Croatian president honors victims of both Croat and Bosniak atrocities

By Aida Cerkez-robinson, AP
Thursday, April 15, 2010

Croatian president honors war victims in Bosnia

AHMICI, Bosnia-Herzegovina — Croatia’s president paid tribute on Thursday to victims of massacres during Bosnia’s 1992-1995 war, in the clearest message of reconciliation yet from a leader of the three nationalities that fought in Europe’s bloodiest conflict since World War II.

President Ivo Josipovic had the Islamic and Catholic religious leaders in Bosnia join him in central Bosnia, where he promised “never again” to the survivors in Ahmici, a village where Croat forces killed 116 Muslim Bosniak civilians in 1993.

The same pledge was made in the neighboring village of Krizancevo Selo, where the Bosnian army killed dozens of Catholic Croats the same year.

A few dozen of the Muslim Bosniak women who survived the April 16, 1993, massacre in Ahmici came to see Josipovic, grand mufti Mustafa Ceric and Cardinal Vinko Puljic stand shoulder to shoulder and bow their heads for a moment of silence in front of a wall that contains the 116 names of the victims.

“It wasn’t easy for him. It wasn’t easy for me,” Vahida Ahmic, 64, said afterward. “But he came today. I came today. We now can go on. Proceed to the future,” the Muslim Bosniak said.

Ahmic survived the massacre and saved her son by disguising him when the Croat forces were going house to house, killing men and boys. She made the then 23-year-old Enver wear a scarf and a skirt so that the killers missed him.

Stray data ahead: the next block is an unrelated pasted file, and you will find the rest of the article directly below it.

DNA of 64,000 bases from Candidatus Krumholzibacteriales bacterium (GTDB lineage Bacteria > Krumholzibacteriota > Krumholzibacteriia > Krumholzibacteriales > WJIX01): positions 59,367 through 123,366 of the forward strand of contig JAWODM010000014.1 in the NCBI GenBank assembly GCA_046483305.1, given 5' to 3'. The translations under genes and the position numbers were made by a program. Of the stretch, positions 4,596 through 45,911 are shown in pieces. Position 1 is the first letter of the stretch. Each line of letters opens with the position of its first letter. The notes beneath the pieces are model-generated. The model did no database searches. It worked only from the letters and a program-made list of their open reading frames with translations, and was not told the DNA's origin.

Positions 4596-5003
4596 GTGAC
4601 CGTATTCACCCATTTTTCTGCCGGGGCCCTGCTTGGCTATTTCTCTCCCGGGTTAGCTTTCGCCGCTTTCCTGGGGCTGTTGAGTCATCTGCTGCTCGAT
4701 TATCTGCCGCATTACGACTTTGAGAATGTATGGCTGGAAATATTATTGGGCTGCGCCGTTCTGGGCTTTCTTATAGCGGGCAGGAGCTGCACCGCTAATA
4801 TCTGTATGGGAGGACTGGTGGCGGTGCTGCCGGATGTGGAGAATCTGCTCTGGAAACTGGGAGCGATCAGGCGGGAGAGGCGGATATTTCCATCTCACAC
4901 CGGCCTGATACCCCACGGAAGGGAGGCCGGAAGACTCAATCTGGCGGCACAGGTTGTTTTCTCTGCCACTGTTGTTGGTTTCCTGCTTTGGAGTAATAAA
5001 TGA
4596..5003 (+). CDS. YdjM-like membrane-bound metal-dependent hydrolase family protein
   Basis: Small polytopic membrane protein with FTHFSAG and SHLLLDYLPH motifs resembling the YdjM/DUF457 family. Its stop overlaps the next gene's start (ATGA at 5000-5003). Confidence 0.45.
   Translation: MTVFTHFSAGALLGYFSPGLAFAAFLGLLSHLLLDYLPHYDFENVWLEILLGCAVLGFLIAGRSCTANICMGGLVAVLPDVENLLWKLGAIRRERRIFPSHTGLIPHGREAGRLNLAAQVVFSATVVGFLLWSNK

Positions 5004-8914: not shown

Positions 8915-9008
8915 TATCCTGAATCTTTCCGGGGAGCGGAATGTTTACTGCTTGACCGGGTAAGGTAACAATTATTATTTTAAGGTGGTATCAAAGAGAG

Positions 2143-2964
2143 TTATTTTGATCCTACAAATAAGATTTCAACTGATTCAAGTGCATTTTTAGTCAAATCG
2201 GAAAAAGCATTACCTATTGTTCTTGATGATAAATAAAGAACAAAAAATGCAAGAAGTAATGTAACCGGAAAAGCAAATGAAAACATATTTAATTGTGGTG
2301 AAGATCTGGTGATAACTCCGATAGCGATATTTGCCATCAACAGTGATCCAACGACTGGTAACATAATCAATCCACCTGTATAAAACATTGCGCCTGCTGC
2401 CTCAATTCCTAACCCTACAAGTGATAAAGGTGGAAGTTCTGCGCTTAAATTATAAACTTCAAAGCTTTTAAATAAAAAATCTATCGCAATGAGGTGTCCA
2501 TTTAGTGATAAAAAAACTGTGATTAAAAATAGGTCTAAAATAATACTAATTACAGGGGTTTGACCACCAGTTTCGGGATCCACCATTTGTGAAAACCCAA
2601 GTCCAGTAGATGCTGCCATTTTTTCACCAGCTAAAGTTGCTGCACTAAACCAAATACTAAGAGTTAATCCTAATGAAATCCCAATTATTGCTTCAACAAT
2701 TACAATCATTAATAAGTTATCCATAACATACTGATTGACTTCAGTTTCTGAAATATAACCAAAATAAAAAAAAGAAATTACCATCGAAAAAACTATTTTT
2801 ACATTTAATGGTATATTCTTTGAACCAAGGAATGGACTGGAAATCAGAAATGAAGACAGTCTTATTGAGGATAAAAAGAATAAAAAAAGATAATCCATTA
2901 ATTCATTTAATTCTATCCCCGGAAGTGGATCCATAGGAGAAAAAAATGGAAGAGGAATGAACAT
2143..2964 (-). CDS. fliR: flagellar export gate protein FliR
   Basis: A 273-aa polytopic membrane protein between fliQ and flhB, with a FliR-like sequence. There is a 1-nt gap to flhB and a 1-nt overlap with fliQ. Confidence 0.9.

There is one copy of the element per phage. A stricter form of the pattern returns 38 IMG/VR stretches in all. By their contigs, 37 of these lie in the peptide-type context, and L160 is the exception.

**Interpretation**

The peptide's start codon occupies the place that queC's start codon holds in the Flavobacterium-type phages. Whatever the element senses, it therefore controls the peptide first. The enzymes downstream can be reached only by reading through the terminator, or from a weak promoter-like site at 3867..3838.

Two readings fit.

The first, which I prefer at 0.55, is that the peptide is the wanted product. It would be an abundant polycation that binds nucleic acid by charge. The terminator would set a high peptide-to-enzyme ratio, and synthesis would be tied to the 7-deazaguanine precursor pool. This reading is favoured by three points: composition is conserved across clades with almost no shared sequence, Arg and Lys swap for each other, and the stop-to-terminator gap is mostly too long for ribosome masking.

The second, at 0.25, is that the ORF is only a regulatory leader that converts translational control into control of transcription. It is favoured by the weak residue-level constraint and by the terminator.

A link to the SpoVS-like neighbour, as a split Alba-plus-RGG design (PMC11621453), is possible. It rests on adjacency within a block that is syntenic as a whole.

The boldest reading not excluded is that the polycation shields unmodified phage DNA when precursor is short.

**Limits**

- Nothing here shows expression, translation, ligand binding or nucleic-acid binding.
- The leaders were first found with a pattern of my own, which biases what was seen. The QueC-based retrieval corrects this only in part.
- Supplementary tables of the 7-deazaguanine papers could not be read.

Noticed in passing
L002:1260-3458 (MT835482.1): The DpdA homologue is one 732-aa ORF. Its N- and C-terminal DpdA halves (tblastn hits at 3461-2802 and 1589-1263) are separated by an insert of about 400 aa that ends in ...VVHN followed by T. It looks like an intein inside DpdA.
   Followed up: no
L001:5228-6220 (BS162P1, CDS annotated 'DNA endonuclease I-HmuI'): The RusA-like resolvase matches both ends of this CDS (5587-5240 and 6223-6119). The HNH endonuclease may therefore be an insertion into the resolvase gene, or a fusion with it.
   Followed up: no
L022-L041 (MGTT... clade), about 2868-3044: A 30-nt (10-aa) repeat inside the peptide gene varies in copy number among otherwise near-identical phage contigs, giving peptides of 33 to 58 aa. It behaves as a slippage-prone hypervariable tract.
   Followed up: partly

Passing over dead bodies, the Ahmics ran to a main road and stopped a vehicle of the U.N. peacekeepers that saved them.

Another survivor, 80-year-old Zineta Ahmic, lost her husband during the killings.

On Thursday, Ahmic — who is not related to the other Ahmic family — said she only leaves her house these days to see a doctor because she can hardly walk.

“But I came to see this,” she said, referring to the reconciliation ceremony. “I had to see this. After this, things will take the right turn here.”

Josipovic left white roses and a note that said “to the innocent victims - the President of the Republic of Croatia” at the monument next to the mosque in Ahmici.

Josipovic, Ceric and Puljic conducted a similar ceremony at a huge cross overlooking neighboring Krizancevo Selo.

During attacks there over several months in 1993, the Bosnian army killed dozens of Croat soldiers and civilians.

Each time the shooting ended, survivor Andja Grbavac said Thursday, she would peak out her window and see “dead bodies all over.”

Grbavac, 73, now walks with a cane and rarely goes very far. But the Catholic Croat had her granddaughter help her up the hill toward the monument to see President Josipovic.

“I would have crawled up today,” she said, after making it only halfway up the slope as Josipovic’s convoy passed by.

“I know he was over there, too,” she said, pointing over the hill toward Ahmici. “It’s good that he went to both places,” she said.

On Wednesday, Josipovic apologized to Bosnia’s parliament for his country’s role in the Bosnian war, doing more for reconciliation than any other leader of the three nationalities involved in Bosnia’s war has done.

As Yugoslavia was falling apart in the 1990s, the leaders of its republics of Serbia and Croatia planned to carve up Bosnia — positioned between them — and annex half each. Bosnia’s Serbs, Croats and Bosniaks also fought in a conflict that drew in the neighboring republics and took 100,000 Bosnian lives.

“I’m deeply sorry that the Republic of Croatia … has contributed to the suffering of people and divisions which still burden us today,” Josipovic told Bosnia’s parliament.

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